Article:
On Tuesday, February 21, Steve Clark, MPP, rose in the Legislative Assembly to question Education Minister Mitzie Hunter on the recent announcement that schools in this riding were to be closed over the next two years. Here is their exchange, taken from the Official Records.
Oral Questions – School closures
Mr. Steve Clark: My question is also to the Minister of Education. The minister was in eastern Ontario last month visiting Upper Canada District School Board schools targeted for closure. She told local media she was confident the board’s accommodation review process would create better learning opportunities for students. I want to provide her with an update.
Last week, the final report recommended closing seven schools in Leeds–Grenville—12 overall. That’s one in four of the elementary schools that the board has in my riding. It’s a disaster for rural education in these communities. Does the minister actually believe that closing so many schools is creating better learning opportunities for students?
Hon. Mitzie Hunter: I want to thank the member opposite for this question. During the wintertime, I had an opportunity to travel across this province. I do that because it’s what I love to do the most, which is to visit schools, talk to students and talk to educators. I visited Glengarry, Ottawa, Cornwall, Sault Ste. Marie and Thunder Bay, just to name a few.
I had a chance to see first-hand how investments in programming for students like specialist high-skills majors are allowing students to learn the skills that align with their unique learning styles and their interests. Every student in Ontario deserves to have access to the best education possible so that they can reach their full potential. That is why we support the local boards as they are making decisions to strengthen their programming for students, and that includes having meaningful input from communities.
Mr. Steve Clark: Back to the minister: Her answer was unbelievable. Ontario’s Minister of Education is sitting on the sidelines talking platitudes while the future of rural education is being totally dismantled. As I feared, the ridiculous process that she’s so confident in ignored alternatives brought forward by school communities in my riding. They’re actually proposing to close two schools in the two fastest-growing communities in Leeds–Grenville.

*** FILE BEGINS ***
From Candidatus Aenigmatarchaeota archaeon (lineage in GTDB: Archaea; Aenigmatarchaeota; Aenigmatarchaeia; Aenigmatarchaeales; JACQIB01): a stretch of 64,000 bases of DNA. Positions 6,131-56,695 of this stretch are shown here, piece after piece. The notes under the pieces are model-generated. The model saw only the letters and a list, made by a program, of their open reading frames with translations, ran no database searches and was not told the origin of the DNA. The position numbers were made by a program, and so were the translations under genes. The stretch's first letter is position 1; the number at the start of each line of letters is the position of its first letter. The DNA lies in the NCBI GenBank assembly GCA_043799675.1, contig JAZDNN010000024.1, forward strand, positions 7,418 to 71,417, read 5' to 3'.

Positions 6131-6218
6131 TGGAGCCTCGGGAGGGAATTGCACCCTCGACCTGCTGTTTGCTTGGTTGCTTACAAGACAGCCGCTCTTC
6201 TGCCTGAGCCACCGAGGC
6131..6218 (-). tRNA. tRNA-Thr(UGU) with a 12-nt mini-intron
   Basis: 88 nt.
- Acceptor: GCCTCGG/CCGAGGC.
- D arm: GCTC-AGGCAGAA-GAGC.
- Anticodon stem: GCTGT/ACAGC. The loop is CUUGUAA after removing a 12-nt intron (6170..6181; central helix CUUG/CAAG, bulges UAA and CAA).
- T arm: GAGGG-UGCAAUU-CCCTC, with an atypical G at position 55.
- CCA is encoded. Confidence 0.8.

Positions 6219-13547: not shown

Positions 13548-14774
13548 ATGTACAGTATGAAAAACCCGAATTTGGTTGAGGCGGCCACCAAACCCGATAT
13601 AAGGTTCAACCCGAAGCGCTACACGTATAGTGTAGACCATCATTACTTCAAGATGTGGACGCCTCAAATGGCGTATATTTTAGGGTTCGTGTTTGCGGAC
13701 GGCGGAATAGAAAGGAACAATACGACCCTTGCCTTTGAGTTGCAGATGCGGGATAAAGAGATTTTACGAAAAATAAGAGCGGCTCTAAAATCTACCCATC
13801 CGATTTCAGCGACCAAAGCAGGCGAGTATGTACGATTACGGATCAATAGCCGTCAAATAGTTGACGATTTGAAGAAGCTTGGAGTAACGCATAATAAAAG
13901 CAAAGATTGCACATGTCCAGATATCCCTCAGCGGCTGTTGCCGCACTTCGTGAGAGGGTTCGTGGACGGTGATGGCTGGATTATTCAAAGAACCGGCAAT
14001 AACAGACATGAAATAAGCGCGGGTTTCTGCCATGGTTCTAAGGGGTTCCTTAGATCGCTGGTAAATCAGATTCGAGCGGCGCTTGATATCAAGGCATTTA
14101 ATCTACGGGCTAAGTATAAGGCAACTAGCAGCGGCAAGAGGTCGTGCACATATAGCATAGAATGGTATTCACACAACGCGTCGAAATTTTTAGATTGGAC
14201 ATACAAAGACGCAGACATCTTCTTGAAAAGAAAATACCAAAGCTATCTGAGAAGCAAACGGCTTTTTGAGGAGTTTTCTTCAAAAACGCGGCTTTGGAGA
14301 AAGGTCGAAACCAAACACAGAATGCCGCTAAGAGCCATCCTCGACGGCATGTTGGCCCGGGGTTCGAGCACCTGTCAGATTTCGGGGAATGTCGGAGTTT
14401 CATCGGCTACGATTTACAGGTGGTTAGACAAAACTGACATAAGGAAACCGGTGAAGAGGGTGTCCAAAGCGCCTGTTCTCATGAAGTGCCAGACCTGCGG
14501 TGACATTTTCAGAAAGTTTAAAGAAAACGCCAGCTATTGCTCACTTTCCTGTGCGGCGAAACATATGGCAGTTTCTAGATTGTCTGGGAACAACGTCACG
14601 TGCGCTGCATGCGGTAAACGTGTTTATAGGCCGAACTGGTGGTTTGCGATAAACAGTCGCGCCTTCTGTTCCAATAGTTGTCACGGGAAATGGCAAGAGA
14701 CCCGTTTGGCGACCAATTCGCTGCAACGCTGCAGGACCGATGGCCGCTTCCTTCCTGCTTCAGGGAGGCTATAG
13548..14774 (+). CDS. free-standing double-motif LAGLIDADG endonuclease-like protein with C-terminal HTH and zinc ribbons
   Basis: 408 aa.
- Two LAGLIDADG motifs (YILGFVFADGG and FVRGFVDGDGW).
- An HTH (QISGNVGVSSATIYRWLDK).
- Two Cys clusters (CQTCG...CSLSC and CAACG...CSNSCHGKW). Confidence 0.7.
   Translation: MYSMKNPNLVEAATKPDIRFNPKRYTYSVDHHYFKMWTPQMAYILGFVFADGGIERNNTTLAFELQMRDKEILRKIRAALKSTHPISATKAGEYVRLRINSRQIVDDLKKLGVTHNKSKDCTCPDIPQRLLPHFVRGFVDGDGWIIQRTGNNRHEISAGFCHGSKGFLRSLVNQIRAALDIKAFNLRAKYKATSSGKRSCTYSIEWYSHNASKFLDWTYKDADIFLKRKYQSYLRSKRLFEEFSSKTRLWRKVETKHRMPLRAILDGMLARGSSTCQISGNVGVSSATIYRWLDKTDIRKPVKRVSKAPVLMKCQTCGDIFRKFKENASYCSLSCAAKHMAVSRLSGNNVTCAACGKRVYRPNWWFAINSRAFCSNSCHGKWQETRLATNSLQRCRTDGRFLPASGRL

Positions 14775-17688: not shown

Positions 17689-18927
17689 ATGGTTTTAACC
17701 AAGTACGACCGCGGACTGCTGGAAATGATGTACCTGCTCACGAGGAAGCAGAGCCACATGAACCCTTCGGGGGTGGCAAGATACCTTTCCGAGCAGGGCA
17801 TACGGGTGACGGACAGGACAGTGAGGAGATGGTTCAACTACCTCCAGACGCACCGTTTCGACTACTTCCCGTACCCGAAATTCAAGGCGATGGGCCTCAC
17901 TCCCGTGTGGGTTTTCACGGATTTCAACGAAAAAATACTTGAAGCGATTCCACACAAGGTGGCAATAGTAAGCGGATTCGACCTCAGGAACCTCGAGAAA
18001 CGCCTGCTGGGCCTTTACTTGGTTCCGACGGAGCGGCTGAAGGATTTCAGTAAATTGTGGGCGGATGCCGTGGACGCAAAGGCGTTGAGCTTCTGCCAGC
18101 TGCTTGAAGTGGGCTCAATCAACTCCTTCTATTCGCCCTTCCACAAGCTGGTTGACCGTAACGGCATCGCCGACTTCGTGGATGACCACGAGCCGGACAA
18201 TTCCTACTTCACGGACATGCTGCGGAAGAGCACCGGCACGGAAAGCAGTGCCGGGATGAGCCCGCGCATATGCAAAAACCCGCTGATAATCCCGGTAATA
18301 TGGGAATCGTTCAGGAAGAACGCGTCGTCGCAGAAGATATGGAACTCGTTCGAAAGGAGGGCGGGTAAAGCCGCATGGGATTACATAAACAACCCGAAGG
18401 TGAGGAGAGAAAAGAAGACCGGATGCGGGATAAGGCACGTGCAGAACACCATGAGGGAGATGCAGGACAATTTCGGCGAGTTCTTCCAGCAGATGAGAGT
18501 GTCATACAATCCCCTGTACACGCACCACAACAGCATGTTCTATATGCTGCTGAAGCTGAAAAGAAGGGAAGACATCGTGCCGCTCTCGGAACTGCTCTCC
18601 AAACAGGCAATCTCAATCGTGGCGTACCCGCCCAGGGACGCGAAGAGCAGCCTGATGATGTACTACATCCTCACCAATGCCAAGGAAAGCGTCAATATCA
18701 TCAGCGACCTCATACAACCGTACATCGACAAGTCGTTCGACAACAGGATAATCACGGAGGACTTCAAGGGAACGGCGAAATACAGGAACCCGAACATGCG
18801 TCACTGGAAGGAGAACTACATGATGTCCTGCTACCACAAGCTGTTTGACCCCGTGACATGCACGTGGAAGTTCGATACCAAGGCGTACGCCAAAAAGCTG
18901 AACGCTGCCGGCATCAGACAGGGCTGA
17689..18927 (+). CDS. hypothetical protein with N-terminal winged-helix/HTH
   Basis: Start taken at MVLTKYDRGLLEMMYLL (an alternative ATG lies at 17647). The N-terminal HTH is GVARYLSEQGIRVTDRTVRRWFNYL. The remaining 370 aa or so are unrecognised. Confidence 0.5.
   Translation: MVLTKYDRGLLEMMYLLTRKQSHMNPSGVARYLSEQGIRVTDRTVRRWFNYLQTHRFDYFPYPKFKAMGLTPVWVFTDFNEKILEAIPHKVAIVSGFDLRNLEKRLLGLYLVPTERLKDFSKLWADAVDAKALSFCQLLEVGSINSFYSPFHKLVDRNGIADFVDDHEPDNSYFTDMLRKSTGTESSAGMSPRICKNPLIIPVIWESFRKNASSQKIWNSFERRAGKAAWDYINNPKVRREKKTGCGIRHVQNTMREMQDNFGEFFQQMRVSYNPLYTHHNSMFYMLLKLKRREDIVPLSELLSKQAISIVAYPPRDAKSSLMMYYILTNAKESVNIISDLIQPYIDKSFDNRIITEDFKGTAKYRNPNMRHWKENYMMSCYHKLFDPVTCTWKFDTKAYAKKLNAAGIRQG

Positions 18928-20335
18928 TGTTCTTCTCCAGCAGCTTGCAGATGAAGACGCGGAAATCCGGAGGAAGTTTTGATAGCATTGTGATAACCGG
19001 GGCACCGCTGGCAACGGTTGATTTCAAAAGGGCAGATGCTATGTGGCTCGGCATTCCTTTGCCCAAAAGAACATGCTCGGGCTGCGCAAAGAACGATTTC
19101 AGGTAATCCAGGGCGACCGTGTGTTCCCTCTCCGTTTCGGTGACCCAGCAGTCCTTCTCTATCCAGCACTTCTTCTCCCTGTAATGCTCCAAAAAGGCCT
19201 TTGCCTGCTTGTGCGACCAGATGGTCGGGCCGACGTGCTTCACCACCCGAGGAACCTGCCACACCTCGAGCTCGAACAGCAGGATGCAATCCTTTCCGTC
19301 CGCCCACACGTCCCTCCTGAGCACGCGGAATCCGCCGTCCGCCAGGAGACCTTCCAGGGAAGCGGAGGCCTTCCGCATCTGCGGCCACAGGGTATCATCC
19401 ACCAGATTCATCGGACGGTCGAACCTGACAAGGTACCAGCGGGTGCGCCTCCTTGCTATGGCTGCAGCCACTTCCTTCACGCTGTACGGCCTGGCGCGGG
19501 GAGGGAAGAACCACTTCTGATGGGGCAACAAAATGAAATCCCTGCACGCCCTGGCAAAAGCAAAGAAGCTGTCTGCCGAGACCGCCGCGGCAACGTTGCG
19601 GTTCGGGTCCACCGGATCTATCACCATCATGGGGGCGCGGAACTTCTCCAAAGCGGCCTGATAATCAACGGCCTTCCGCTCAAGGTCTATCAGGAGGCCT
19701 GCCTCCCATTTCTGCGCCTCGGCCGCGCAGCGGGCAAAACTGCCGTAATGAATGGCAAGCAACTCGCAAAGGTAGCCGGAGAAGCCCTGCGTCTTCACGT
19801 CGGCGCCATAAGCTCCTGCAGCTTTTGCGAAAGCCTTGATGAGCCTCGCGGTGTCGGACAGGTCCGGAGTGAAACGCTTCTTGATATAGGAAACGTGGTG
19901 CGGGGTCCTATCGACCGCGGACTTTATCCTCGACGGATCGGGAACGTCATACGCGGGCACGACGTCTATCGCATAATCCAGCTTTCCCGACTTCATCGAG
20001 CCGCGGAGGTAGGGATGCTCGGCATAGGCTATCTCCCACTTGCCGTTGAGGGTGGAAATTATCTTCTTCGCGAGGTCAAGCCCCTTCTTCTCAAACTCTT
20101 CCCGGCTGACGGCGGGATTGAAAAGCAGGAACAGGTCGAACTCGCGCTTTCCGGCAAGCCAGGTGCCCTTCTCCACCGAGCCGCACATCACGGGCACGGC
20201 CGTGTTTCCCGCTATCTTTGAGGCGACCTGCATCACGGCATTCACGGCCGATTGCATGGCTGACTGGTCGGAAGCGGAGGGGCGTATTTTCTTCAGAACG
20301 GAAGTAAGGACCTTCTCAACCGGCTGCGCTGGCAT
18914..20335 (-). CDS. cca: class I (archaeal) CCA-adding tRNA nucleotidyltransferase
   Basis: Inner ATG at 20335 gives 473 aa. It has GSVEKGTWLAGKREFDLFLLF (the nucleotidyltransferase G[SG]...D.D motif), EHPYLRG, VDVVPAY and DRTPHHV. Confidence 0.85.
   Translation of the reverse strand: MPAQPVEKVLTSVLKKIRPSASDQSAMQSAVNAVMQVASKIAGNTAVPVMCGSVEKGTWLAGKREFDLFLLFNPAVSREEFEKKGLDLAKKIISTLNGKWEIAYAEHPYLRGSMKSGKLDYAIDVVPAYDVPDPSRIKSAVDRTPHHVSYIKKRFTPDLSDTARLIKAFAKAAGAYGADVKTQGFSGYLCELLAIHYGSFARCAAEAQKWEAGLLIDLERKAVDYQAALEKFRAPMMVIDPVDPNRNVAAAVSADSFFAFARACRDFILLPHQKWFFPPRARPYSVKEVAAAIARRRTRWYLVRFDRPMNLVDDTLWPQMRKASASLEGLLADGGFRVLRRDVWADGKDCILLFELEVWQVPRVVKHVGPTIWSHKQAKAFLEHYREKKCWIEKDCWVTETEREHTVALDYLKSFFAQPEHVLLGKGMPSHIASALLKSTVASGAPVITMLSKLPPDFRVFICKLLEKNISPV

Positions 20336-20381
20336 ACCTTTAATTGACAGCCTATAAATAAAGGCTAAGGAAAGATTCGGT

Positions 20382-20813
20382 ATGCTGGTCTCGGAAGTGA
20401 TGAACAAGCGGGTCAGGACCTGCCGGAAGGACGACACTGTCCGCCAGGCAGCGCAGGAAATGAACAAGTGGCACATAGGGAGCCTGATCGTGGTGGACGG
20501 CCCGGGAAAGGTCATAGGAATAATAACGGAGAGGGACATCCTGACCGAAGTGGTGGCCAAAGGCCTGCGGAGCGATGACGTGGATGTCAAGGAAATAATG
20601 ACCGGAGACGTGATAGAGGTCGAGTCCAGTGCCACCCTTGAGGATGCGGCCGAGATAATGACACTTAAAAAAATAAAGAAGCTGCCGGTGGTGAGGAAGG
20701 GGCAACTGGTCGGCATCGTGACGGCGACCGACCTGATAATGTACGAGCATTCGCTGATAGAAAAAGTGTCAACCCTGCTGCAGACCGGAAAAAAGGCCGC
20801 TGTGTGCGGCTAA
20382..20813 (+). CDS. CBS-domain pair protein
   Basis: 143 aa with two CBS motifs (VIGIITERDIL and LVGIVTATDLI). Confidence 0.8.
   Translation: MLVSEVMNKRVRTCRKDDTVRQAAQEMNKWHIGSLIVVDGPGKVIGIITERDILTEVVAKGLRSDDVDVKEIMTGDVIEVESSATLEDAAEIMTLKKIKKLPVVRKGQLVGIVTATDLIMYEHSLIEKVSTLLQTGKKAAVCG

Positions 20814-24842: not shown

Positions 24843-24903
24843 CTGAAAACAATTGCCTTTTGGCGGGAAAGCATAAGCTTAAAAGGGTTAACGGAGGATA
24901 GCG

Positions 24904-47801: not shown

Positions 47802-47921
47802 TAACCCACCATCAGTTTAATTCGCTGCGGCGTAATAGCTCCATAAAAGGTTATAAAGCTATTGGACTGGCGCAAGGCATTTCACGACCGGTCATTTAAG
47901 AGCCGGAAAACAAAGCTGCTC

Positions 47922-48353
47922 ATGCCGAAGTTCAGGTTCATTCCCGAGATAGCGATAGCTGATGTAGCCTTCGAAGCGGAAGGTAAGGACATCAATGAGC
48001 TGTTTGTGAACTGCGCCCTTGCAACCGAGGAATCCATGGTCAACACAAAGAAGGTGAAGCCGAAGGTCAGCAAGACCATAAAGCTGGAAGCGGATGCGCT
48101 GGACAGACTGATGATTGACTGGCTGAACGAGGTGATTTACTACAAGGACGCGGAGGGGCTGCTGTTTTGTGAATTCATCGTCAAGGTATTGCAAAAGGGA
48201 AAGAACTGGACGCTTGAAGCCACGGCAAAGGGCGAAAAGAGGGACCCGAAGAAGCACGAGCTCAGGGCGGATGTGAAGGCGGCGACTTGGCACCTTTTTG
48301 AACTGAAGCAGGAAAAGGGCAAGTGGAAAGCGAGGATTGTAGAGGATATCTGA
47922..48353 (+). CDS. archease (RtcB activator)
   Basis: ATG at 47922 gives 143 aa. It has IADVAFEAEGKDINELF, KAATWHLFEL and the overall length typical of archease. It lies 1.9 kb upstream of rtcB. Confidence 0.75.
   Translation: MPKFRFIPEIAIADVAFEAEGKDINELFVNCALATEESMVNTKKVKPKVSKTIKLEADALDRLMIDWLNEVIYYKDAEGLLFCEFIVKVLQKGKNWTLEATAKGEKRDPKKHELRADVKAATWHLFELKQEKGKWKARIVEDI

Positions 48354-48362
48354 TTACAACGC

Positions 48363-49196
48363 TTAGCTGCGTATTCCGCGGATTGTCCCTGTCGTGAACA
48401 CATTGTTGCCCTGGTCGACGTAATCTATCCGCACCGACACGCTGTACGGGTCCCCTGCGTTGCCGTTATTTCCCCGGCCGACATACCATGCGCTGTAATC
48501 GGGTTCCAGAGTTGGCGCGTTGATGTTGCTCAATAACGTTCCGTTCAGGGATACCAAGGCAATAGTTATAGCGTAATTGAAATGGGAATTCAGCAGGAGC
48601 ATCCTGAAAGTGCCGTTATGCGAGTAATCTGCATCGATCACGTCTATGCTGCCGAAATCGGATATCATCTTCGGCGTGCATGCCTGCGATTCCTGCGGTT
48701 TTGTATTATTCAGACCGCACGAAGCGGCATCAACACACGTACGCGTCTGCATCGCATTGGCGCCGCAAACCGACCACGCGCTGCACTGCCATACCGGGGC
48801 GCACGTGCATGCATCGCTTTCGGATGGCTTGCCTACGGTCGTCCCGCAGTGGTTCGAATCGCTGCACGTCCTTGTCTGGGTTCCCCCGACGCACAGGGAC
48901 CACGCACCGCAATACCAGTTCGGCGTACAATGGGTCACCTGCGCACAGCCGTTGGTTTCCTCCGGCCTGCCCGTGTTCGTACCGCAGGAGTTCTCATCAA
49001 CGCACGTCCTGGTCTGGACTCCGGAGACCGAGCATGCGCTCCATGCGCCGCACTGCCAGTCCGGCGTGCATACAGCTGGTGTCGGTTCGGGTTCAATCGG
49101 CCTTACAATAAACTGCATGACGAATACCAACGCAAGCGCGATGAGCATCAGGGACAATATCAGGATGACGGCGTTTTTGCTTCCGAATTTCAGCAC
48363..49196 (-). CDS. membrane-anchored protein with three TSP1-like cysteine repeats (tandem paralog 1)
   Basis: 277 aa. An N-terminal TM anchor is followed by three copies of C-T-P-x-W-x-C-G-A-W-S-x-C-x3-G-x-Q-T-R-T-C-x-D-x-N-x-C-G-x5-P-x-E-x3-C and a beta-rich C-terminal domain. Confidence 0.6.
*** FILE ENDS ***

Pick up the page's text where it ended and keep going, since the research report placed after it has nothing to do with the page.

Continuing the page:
I called for a moratorium on school closures last fall to give us time to develop a provincial rural education strategy. You know, it’s hard to plan for the future of rural education when there’s no tomorrow for these schools.
Speaker, my question is simple: Will the minister act before it’s too late by stopping these closures and forming an all-party committee to set up solutions for keeping rural schools open?
Hon. Mitzie Hunter: Mr. Speaker, I want to stress to the member opposite that every student in this province deserves to have access to the best education possible so that they can achieve their full potential. Our students in rural areas are an integral part of that.
We understand that boards are moving forward. There are no easy solutions. With the pupil accommodation review process, boards are required to receive input from municipalities, from coterminous boards, from community members, from students, from parents and from their local organizations, and that’s exactly what they’re doing.
We cannot have a one-size-fits-all solution to this issue. It has to be a local decision, and that’s why we support the pupil accommodation review process and we support local boards in making that decision.
At the same time, we are providing the investments in our education system that are necessary to ensure that our students have the best possible investments in their education.
Mr. Steve Clark: It wasn’t much of a Family Day for parents from seven elementary schools in my riding. That’s because they didn’t spend the day having fun with their children. Instead, they worked on presentations to save their children’s schools from being closed by the Upper Canada District School Board. Unfortunately, that’s not new for them.
Parents have spent thousands of hours away from their families since the board’s accommodation review process began last fall. They’ve done incredible work developing ideas to keep our rural schools viable. But as I feared when this process began, they were ignored. Last week the board tabled recommendations that would devastate rural education in Leeds–Grenville.
If trustees approve this short-sighted plan next month, seven elementary schools in my riding will close. That’s one in four of the board’s elementary schools in Leeds–Grenville. That’s right, Speaker: one in four. Today, on behalf of these communities that stand to lose so much, I’m calling on the Minister of Education to put a stop to this. It’s time to get off the sidelines, Minister, and stop professing confidence in this ridiculous process.
She must act immediately and put a moratorium on school closures. We need a provincial strategy on the future of rural education, but we can’t plan for the future if this minister does nothing and allows trustees to close schools today.
For seven school communities in my riding, there is no tomorrow.


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